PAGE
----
Irvine Laidlaw at "European Wind Energy Association Offshore 2015" in Copenhagen,
Irvine Laidlaw at "European Wind Energy Association Offshore 2015" in Copenhagen, Photo: Mogens Engelund, Wikimedia Commons, (CC BY-SA 3.0)

Irvine Laidlaw (b. 1942) is a Scottish businessman and philanthropist. His father was a textile mill owner in Banffshire, north-east Scotland. Irvine was privately educated at Merchiston Castle School in Edinburgh, and from school progressed to study economics at Leeds University. He then studied for an MBA at Columbia University in New York where he was ‘primed for entrepreneurial activity’.

On completing the MBA, Irvine remained in New York, learning the book trade with the publisher Doubleday. In 1967 he returned home to run the Doubleday’s book club business in the UK. He resigned in 1971 to set up his own business. After several false starts, he entered the newsletter business in 1973, setting up the Institute for International Research. The business changed tack in 1978 to focus on conference organisation. Business boomed as IIR opened offices all over the world. When sold for £768 million in 2005, it had sales of £313 million and was making an annual profit of £48 million. Irvine Laidlaw was now a very rich man free to pursue his many interests in business, politics and philanthropy. As a staunch Conservative party supporter and major donor, he was made a life peer in 2004, becoming Lord Laidlaw of Rothiemay.

Irvine Laidlaw appears to many people a man of contradictions, not least in engaging in philanthropy while substantially avoiding UK taxes, in caring for the less fortunate while living a lavish lifestyle with several luxury homes, yachts, horses and cars, and in supporting education as a means of poor children lifting themselves out of poverty while giving to establishment causes like Glyndebourne and the Scottish Opera. There is no doubt, however, that he is sincere in his beliefs and generous in the support he lends to many good causes. His gifts include £9 million to the University of Leeds to help pay for a new library and £2 million to the Prince’s Trust in support of young entrepreneurs. In an interview with The Scotsman in 2006, he vowed that he would spend the rest of his life giving away his entire fortune.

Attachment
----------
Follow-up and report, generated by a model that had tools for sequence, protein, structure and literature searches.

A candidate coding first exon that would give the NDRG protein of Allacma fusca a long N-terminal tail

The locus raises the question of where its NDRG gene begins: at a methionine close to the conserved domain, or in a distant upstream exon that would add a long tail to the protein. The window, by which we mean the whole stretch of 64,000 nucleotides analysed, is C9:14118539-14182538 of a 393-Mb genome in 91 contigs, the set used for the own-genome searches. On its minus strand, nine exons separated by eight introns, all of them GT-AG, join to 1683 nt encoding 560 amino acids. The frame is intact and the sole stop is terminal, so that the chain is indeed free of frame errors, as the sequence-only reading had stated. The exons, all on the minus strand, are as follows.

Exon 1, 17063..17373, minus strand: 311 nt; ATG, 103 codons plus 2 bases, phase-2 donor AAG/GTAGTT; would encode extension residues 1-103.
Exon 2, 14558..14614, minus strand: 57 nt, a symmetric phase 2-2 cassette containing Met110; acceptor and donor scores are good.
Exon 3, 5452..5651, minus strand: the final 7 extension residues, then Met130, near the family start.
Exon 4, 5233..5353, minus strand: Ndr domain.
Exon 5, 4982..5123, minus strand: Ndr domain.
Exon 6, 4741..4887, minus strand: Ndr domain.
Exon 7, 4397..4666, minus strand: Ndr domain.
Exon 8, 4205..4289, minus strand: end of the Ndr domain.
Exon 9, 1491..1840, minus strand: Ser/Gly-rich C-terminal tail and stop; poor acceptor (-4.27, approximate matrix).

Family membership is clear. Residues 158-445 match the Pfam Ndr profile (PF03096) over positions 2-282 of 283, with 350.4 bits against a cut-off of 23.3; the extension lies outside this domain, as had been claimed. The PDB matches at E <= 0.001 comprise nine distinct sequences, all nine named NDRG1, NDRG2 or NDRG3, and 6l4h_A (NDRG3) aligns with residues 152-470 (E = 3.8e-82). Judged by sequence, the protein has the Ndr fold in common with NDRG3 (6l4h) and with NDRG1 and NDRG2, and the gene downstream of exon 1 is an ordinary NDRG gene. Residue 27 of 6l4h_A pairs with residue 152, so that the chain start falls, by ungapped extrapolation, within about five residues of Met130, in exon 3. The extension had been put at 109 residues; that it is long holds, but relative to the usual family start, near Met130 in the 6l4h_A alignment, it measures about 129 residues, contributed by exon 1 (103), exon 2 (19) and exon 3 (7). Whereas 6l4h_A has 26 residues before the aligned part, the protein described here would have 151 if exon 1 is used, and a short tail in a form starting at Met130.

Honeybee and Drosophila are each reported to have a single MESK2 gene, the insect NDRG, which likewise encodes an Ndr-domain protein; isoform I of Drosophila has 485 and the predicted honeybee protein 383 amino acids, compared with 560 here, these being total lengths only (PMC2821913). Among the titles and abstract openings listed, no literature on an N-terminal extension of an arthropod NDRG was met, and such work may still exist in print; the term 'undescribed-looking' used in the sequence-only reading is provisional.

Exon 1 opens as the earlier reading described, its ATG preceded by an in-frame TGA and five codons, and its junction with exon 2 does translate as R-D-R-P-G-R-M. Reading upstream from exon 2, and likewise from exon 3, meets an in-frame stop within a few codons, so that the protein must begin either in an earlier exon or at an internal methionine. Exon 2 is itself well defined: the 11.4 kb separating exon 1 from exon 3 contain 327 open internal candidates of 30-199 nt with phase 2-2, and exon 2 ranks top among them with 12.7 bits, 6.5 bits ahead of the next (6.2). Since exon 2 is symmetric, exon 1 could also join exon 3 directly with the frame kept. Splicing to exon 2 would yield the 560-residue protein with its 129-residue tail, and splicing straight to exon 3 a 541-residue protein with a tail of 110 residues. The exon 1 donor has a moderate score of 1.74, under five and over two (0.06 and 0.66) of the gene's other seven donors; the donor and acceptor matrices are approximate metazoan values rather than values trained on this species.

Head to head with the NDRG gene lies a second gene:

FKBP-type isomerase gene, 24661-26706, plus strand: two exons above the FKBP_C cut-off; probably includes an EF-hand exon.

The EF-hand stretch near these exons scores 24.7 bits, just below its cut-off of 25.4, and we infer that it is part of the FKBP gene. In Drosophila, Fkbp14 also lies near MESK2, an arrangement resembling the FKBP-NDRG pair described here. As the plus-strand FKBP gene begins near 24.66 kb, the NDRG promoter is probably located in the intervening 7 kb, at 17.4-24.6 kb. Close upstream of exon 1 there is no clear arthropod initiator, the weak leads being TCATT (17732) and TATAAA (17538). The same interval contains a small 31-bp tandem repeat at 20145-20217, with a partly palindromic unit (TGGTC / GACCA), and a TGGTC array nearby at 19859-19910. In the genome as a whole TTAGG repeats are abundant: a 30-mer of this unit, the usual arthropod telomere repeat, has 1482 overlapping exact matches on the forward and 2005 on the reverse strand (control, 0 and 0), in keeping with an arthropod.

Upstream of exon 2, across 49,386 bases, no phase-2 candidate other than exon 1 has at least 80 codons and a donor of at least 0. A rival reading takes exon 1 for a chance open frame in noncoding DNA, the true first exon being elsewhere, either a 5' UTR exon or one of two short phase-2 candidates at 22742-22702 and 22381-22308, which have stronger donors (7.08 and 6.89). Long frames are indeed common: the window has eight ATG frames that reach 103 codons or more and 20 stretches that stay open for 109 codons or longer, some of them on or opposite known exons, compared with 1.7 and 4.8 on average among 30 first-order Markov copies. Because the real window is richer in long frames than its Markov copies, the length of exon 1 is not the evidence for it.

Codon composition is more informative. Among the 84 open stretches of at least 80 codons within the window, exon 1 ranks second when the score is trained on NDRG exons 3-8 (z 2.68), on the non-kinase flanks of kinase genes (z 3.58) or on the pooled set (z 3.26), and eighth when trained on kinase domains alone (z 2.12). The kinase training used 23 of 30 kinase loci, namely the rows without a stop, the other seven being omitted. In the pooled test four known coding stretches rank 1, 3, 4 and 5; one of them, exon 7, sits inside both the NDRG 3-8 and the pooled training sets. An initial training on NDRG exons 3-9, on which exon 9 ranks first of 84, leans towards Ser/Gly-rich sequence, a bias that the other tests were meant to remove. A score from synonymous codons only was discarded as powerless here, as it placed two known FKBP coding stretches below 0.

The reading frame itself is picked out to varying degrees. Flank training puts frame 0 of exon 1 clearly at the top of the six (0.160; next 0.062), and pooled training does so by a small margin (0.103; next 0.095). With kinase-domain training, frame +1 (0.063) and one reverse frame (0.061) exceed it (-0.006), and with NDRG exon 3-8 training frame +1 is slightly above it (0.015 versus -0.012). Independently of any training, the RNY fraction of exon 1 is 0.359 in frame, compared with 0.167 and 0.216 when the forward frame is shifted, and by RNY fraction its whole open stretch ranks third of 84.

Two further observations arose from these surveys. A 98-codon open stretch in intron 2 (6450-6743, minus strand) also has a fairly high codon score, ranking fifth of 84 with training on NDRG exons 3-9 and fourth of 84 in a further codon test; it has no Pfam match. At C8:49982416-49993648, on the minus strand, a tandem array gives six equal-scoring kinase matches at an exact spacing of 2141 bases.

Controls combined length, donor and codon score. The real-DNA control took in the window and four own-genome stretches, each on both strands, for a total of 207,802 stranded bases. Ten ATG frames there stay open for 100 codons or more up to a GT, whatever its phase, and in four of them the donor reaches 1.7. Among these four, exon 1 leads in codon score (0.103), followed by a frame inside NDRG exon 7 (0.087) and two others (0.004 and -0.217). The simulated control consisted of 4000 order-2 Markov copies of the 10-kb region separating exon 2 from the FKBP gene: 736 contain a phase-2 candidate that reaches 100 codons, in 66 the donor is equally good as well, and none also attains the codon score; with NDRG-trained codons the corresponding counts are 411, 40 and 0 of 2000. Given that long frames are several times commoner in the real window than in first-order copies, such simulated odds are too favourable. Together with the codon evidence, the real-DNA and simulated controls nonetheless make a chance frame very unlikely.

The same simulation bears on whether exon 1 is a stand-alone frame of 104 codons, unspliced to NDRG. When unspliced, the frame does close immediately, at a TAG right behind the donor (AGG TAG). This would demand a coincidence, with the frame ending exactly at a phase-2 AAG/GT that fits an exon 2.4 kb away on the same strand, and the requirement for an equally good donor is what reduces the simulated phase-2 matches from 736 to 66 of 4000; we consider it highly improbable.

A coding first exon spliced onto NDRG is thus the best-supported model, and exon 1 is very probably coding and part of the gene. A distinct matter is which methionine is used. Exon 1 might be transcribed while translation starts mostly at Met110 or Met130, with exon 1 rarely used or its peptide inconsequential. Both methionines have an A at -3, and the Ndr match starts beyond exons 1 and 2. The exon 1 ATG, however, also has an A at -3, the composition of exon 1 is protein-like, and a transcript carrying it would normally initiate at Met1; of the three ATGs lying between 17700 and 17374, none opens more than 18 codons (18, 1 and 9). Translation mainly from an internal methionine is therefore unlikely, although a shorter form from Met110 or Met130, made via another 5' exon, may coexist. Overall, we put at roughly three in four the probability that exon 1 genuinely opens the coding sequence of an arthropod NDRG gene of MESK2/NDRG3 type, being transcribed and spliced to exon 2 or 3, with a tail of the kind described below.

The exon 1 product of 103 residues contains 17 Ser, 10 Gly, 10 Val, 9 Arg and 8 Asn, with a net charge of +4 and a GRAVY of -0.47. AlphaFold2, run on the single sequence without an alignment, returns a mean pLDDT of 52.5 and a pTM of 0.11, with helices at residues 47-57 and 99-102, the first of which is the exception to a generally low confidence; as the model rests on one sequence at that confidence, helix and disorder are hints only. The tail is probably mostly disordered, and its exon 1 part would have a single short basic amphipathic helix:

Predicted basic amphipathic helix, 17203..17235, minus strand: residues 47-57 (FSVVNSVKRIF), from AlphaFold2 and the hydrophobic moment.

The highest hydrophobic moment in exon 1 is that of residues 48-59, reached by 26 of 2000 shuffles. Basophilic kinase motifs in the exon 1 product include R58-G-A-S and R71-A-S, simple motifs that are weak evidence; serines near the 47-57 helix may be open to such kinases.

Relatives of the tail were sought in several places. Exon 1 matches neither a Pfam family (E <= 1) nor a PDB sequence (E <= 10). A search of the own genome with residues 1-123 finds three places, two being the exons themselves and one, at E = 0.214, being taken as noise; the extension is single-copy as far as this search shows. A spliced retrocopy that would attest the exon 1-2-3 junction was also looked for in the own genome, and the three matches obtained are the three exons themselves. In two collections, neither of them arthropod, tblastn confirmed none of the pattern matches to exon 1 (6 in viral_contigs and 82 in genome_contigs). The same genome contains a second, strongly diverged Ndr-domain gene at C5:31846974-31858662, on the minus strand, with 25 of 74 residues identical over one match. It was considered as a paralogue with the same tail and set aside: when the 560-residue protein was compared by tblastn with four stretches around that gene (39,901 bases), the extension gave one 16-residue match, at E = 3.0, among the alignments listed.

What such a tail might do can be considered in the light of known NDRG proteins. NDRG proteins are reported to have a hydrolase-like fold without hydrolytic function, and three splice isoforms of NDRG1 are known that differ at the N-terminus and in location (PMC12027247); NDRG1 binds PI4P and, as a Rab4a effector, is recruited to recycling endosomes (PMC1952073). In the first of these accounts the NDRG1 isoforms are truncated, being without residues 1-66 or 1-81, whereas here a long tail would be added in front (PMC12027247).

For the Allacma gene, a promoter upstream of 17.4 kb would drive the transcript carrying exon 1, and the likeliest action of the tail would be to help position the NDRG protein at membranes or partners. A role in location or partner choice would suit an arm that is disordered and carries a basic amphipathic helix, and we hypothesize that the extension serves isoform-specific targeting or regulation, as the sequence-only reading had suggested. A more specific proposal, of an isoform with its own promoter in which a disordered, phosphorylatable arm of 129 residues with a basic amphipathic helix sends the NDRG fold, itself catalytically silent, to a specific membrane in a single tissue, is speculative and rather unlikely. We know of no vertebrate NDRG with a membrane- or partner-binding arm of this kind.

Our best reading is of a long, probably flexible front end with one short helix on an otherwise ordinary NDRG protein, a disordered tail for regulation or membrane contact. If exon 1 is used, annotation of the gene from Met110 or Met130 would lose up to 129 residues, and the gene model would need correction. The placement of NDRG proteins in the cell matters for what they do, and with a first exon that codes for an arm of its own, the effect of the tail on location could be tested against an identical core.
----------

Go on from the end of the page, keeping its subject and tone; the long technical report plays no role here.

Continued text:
In the North East, Irvine Laidlaw is a major sponsor of Academy Schools, beginning in 2007 when he donated £2 million towards the rebuilding of the Excelsior Academy, located in Scotswood, one of Newcastle’s most deprived areas. The Laidlaw Schools Trust currently operates six academy schools in Newcastle and Sunderland. His financial support is ongoing and has increased over the years. In 2013 he donated £249,989, in 2016 he donated £830,468, near doubling to £1.5 million in 2017. In total, his financial support to the trust since its establishment exceeds £10 million. The registration of the Irvine Laidlaw Foundation in 2017 with the remit of supporting education in the UK and overseas has opened a promising new chapter in his philanthropic career.


Dispatches. 'Cameron's Money Men', Channel 4 Production, 29th September 2008.

Juncar, N. (2007). Making a start, Evening Chronicle, January 25th. 

Laidlaw Schools Trust. (2007). Annual Accounts, Available here (Accessed: 25/08/2018).

Laidlaw Schools Trust. (2017). Annual Accounts, Available here (Accessed: 25/08/2018).

The Scotsman. (2016). Tycoon Laidlaw to give away fortune, Available here (Accessed: 03/09/2018). 

University of Durham. (2018). The Laidlaw Undergraduate Research and Leadership Scholarship Programme, Available here (Accessed 03/09/2018).

Wikipedia. (2018). Irvine Laidlaw, Baron Laidlaw, Available here (Accessed: 03/09/2018).